Cheers

Jamie

old-dragon
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Posted: Sunday, May 02, 2010 - 01:48 PM UTC
Oh cool...this is gonna be good! I like the box art, but I question what I had already thought of...a pair of glasses in her hand. The box art shows it but the kit doesn't...they include a pen instead. Interesting.
Build on sir! I'll be watching!!!!!!!!
JanusAust
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Posted: Thursday, May 06, 2010 - 12:56 AM UTC
Hi Bob,
a pen is included rather then glasses.

I guess that a pen is easier to make and copy, rather then glasses......

there comes a point in time, when making a sculpt, part of the brain goes..."dammit, that will do!"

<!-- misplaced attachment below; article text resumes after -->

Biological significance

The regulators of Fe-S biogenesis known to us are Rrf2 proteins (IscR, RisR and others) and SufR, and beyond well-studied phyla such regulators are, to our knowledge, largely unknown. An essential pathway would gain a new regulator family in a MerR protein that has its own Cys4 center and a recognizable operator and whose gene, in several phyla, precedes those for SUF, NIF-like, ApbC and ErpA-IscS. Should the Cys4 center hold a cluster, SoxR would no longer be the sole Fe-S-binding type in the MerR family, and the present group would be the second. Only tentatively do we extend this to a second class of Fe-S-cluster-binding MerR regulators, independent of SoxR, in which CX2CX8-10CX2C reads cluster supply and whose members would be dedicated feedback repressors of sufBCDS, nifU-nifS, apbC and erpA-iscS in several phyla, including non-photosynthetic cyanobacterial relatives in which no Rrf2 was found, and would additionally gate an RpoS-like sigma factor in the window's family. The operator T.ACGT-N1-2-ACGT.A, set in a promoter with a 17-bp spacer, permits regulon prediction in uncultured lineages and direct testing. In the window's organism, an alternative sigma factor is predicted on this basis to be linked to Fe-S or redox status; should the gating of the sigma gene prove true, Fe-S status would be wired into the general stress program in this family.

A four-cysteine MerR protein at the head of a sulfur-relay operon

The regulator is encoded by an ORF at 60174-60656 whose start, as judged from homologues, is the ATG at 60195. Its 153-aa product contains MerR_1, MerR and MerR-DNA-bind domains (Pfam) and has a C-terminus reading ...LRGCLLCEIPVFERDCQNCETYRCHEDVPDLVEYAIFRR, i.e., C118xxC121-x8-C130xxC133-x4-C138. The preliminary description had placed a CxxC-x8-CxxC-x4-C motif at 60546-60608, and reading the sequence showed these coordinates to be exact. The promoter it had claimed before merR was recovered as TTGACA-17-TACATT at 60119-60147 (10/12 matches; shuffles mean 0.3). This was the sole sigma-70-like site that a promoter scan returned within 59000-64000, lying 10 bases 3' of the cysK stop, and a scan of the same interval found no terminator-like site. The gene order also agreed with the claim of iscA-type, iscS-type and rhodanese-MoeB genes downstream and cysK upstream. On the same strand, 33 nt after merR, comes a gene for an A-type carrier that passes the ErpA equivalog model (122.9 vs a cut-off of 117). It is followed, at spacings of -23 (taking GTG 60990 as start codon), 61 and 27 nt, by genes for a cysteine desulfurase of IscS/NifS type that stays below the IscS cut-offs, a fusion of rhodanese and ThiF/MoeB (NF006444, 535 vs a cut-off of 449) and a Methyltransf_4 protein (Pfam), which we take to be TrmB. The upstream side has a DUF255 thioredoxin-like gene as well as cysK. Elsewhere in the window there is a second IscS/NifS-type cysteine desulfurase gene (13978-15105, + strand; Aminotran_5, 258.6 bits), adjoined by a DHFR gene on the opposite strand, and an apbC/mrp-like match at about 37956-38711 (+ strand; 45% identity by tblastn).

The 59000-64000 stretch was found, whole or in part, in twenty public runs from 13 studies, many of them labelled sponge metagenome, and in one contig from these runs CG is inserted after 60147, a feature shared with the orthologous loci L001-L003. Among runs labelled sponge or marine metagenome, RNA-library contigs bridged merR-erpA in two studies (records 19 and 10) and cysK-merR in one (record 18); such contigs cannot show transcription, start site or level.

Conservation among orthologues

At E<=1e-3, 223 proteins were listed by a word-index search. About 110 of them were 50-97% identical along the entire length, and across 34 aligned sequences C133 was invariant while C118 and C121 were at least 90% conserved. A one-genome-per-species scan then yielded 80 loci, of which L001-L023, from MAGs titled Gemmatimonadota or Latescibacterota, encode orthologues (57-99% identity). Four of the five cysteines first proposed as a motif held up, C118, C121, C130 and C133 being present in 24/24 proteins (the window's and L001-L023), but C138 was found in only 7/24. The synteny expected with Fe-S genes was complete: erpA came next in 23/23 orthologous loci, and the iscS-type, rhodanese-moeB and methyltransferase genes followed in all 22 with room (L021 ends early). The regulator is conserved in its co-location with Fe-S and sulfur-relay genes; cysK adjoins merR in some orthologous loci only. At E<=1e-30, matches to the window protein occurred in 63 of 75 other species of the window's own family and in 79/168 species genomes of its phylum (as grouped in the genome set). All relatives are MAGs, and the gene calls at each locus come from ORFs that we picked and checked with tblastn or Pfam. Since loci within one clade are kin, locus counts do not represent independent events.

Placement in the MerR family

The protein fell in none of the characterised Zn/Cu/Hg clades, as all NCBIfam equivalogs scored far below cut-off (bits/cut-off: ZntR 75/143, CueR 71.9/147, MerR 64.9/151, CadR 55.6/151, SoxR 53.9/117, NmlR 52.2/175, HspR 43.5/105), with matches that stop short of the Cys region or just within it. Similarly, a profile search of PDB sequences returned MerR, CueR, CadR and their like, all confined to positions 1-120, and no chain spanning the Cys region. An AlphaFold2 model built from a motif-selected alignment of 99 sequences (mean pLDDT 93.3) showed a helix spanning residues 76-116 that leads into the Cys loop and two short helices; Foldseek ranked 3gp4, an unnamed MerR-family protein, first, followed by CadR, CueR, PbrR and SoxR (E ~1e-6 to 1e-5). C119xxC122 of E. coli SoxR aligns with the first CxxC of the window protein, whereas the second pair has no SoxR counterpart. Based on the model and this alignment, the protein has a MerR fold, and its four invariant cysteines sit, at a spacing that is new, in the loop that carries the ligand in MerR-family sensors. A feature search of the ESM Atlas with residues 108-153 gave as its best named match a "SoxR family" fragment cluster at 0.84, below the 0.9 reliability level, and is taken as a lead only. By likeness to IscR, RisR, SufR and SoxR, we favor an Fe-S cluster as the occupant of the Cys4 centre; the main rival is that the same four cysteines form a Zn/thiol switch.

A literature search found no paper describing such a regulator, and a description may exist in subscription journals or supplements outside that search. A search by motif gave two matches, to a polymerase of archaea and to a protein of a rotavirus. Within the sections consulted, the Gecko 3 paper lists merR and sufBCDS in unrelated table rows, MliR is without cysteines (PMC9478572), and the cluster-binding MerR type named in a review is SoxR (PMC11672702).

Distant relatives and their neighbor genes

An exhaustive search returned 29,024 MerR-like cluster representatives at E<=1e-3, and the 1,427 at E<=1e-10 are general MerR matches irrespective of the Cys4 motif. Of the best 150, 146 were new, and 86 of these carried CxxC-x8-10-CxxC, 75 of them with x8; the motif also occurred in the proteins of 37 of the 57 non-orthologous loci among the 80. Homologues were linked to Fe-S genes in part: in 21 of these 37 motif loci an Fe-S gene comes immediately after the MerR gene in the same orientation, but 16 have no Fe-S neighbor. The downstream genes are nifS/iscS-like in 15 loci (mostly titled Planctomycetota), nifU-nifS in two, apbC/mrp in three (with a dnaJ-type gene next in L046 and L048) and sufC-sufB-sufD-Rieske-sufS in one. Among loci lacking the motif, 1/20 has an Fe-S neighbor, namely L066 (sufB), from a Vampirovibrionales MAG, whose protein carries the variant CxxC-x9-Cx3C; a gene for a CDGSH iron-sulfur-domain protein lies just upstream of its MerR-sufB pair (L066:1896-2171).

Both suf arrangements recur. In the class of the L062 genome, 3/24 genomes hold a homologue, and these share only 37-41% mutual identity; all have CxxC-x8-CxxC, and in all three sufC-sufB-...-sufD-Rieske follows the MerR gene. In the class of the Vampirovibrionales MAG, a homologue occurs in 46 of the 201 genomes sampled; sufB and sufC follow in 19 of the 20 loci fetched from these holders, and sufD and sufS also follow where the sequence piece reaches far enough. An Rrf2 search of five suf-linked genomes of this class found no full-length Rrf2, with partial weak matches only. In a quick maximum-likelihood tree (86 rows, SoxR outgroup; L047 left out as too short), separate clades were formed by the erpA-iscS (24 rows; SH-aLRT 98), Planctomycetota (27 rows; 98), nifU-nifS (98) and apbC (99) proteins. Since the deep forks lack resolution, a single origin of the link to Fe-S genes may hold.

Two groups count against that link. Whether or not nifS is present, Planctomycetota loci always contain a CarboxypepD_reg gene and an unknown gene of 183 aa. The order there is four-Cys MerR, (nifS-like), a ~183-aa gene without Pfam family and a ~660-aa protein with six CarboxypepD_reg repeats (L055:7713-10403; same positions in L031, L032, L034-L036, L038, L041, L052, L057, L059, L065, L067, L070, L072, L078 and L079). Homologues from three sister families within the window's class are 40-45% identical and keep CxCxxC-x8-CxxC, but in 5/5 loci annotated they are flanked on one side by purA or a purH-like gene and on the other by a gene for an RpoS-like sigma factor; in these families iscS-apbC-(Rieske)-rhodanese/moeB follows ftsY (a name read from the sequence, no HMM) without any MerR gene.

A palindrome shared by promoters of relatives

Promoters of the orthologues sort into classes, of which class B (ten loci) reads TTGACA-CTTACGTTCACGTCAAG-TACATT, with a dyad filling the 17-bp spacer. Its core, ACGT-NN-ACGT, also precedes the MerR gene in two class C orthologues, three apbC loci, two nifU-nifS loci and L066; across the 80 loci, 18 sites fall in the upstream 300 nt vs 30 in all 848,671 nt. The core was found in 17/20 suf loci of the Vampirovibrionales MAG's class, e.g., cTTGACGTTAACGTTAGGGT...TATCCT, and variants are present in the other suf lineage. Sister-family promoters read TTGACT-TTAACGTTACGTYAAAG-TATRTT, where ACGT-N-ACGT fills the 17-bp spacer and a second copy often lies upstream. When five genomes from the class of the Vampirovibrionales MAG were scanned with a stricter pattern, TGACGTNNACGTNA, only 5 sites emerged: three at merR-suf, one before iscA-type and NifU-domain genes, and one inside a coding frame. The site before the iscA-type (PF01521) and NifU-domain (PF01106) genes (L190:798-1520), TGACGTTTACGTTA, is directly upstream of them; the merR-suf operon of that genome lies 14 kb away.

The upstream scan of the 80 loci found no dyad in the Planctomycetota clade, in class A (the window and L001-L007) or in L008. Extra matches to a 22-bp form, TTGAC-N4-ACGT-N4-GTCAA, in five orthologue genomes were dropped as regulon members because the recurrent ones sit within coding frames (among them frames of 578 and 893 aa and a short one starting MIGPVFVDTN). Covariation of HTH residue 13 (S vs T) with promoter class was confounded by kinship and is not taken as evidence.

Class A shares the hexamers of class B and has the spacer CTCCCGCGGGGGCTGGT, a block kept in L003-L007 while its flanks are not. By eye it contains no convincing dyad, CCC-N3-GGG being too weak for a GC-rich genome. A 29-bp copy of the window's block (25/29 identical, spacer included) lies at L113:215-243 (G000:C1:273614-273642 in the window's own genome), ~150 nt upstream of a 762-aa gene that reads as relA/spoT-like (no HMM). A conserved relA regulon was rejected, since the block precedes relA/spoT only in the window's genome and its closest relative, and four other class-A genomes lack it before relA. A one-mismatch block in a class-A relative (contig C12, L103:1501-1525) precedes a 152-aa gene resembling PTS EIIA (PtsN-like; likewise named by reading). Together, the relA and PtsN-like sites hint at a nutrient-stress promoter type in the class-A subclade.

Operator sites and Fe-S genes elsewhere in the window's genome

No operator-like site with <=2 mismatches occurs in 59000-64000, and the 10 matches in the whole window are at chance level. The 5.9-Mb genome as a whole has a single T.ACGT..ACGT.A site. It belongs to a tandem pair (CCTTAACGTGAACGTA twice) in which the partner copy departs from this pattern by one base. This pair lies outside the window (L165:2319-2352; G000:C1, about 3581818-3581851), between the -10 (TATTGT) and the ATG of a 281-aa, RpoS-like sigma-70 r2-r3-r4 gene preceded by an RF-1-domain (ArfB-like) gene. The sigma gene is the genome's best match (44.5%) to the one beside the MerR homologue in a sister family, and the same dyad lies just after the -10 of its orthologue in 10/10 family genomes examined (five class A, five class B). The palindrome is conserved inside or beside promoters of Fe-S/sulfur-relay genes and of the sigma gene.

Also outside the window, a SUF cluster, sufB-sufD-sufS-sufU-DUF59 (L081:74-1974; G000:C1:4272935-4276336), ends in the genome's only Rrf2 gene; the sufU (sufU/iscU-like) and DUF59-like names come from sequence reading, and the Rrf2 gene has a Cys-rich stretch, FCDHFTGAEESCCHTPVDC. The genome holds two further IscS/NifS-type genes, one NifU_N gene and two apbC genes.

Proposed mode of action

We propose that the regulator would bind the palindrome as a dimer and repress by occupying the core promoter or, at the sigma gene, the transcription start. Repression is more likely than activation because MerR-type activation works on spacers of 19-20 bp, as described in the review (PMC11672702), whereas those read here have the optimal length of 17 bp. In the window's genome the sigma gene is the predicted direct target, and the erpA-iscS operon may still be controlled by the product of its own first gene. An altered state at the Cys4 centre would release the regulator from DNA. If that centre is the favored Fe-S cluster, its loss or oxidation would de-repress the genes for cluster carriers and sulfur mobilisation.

(been there, done that, can understand the logic)

Tonight's efforts were pretty unexciting; just going over the figure with some wet and dry sandpaper to smooth off some casting lines. Use wet, as this will keep resin dust down (not good for inhaling)

After that, I went and inspected the figure for air bubble, found a few, Filled them with Vallejo acrylic paste, rather nice stuff.....fine grain, can be tinted, sand-able.

I also scribed some lines that were soft in detail, just to bring some definition back.

I did have to get out my little battery powered dremel, and the finest round head burr I could find, and get rid of some poor moulding, between some fingers. (hers, not mine) Couldn't be avoided, due to the complexity of the cast, and the small size.

I will post pics, likely Sunday night

Paint order.

This is the plan so far.

Because of the nature of the kit, I am thinking that I will do the inner areas, such as legs, torso and face, first. Then the stockings, bra etc.....

Followed by the skirt, inner, then outer.

then I will paint the inner edges of the shirt an jacket, and then put the two jacket halves together.